Python 3.9 was released this week, and with it come a few incremental features. But my favorite feature isn’t just in Python 3.9—it’s usable in 3.7 and up.

Type hinting generics

If you’re using type annotations in Python, you’ve surely had to write from typing import List before. And you’ve probably made the mistake of writing def f(d: dict[str, int]) and getting a TypeError.

No more! Starting in Python 3.9, the following code will all just work, thanks to PEP 585:

def f(d: dict[str, int]):

x: list[int] = ...
y: tuple[int, int] = ...

No more annoying imports from typing! No more (totally understandable) questions from beginners about the difference between list and List.

To be clear, I understand why the typing module was designed this way. Adding List in typing made type hinting compatible with previous versions of Python. And more generally, the design of annotations and type hinting were constrained by not wanting to change the core language without knowing how the feature would be received.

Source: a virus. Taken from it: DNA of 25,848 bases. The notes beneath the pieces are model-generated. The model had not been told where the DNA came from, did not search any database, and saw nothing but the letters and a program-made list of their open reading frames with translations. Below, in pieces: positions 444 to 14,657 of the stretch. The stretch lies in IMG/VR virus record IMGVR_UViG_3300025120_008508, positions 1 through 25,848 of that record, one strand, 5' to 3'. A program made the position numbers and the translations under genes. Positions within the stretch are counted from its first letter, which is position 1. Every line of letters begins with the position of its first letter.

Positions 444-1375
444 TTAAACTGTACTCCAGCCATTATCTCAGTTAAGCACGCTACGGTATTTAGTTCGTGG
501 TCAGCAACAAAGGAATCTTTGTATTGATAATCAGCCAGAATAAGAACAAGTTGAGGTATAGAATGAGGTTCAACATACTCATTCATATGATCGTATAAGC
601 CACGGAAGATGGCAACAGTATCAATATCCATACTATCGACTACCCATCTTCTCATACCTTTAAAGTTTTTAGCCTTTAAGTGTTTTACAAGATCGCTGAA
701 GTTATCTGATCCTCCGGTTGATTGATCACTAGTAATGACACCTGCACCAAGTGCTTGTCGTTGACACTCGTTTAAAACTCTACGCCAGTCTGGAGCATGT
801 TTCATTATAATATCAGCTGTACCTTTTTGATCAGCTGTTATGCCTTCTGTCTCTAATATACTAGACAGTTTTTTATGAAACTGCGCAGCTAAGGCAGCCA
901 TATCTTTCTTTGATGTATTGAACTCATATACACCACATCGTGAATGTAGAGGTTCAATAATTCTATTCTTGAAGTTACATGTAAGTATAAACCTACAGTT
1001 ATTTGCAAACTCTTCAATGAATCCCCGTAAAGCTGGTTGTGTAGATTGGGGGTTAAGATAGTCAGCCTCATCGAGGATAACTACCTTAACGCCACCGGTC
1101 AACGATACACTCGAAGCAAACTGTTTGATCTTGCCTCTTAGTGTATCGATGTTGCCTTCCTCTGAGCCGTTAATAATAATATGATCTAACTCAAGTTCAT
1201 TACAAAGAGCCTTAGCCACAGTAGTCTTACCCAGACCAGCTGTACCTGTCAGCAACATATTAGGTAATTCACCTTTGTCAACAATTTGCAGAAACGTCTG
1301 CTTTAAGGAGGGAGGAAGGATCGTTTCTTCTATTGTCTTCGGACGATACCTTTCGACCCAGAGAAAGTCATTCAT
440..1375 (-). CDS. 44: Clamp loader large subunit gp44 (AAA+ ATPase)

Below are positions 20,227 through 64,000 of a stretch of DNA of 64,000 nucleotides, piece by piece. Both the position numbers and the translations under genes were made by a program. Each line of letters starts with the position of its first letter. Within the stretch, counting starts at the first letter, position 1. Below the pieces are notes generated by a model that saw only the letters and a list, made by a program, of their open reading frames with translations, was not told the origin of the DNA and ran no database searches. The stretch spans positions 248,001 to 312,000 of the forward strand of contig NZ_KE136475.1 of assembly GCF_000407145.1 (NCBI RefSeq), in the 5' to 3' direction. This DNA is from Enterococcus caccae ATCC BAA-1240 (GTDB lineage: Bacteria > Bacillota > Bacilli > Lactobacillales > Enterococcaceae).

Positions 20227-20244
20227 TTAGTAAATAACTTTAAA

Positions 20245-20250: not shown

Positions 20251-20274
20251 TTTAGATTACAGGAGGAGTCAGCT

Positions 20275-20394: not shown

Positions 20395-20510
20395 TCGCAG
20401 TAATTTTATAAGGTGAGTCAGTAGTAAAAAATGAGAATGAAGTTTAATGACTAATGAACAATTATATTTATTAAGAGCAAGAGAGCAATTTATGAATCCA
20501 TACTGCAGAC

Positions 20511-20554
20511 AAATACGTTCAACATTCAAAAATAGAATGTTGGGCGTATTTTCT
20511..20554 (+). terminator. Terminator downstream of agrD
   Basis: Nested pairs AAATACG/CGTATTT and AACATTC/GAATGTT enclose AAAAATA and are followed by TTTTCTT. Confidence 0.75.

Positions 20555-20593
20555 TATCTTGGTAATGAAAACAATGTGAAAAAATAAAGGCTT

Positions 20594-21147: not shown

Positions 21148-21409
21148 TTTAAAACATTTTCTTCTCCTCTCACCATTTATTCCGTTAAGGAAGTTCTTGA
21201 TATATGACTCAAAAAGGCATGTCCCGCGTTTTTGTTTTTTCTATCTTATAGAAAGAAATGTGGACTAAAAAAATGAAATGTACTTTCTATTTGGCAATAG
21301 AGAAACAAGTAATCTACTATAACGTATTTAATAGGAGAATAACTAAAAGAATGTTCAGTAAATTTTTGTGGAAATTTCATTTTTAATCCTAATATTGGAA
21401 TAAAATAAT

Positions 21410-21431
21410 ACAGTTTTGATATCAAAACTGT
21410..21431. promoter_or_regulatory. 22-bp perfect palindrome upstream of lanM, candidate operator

With all this said … it was still annoying. 🙂

Enter: __future__

Despite this great addition, I’m not going to be using Python 3.9 yet. Maybe for a new project, but I don’t have any planned. And we certainly won’t be upgrading our codebase at work for a while.

My favorite part of Python 3.9, though, is that this is available from 3.7 onwards. This is all thanks to __future__.

Last week, this code failed on 3.7:

def f(x: list[int]):
    return sum(x)

f([1, 2, 3])

But today, adding a from __future__ import annotations at the top, it works perfectly fine.

Goodbye, from typing import List!